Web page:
A quick breather brings us to the final and most daring act of the night – Act III (Sex). Smith ascends from the depths of the stage one final time to a Songs of Praise-like chorus, draped in a white veil and crowned with gold-plated barbwire. Light is cast on the first few rows of worshippers at the alter of Smith’s Gloria, who may be left a little stunned as the veil comes off and the fish nets come out.

The worshippers are then welcomed to Smith’s “gay cabaret” as their devilish side is revealed for the history-making hit and performance closer Unholy.

As a non-binary artist who promotes body positivity, Sam Smith has faced a relentless slew of online vitriol throughout their career, simply for existing. Recent collaborator and friend of the artist Charlie XCX took to social media only a couple of weeks ago to call out the “disheartening” amount of hateful online comments she had noticed in the lead up to the release of their collaborative single In The City.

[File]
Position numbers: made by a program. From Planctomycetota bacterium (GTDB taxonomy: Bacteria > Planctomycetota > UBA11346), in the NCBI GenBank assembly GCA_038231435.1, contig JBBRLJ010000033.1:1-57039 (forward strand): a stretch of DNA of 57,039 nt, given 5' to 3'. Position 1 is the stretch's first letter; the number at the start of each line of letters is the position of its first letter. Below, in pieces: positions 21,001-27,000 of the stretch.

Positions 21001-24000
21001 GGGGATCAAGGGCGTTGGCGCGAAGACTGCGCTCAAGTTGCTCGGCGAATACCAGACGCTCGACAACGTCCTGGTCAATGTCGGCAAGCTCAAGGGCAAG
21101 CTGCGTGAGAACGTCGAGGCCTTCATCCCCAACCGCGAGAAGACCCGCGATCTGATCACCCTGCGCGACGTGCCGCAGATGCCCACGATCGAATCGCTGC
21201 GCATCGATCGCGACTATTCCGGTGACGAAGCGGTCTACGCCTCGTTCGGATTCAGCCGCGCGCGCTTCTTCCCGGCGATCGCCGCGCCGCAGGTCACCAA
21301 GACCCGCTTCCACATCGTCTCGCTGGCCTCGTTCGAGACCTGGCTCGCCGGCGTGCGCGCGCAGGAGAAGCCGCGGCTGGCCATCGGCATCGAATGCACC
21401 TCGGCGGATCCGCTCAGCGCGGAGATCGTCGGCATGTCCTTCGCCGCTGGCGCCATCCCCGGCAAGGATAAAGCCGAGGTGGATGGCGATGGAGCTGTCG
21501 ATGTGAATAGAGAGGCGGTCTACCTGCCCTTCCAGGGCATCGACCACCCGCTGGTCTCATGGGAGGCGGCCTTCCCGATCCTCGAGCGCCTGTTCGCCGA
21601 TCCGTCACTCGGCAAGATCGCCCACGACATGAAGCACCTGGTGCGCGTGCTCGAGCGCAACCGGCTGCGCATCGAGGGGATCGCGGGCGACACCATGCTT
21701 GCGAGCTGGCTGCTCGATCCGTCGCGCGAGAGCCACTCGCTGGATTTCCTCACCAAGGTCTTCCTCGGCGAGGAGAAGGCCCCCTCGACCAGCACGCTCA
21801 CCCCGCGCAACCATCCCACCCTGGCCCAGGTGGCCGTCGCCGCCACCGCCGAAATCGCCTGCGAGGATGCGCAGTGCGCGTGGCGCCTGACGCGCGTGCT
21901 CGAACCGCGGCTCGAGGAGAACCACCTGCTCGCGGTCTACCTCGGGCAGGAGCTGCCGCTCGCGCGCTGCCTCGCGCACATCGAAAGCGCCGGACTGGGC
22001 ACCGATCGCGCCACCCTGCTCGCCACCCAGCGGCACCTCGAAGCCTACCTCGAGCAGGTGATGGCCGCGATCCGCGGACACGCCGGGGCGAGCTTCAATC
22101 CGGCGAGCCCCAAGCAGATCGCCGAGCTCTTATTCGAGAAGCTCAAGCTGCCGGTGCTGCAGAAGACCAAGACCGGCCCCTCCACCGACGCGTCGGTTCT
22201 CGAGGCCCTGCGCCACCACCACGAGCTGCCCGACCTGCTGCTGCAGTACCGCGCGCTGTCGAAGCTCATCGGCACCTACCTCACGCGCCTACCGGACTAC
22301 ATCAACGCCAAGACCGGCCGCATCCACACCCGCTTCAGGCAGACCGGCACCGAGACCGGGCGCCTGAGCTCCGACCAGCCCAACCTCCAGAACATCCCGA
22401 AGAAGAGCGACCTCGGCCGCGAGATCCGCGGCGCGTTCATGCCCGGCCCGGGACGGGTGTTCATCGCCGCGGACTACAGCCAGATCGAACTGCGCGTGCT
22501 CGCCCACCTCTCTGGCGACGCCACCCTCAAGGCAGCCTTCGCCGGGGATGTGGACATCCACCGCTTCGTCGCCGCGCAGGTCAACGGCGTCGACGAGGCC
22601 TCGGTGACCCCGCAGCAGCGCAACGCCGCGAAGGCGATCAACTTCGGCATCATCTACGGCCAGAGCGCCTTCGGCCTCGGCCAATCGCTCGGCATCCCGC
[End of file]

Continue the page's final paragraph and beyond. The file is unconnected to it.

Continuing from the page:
Despite this and perhaps even in spite of this, Smith’s GLORIA tour creates a joyous space for queer love and body positivity. Sam Smith has one of those voices that just simply can’t be ignored, and if the scale of this worldwide tour is anything to go by, it never will be.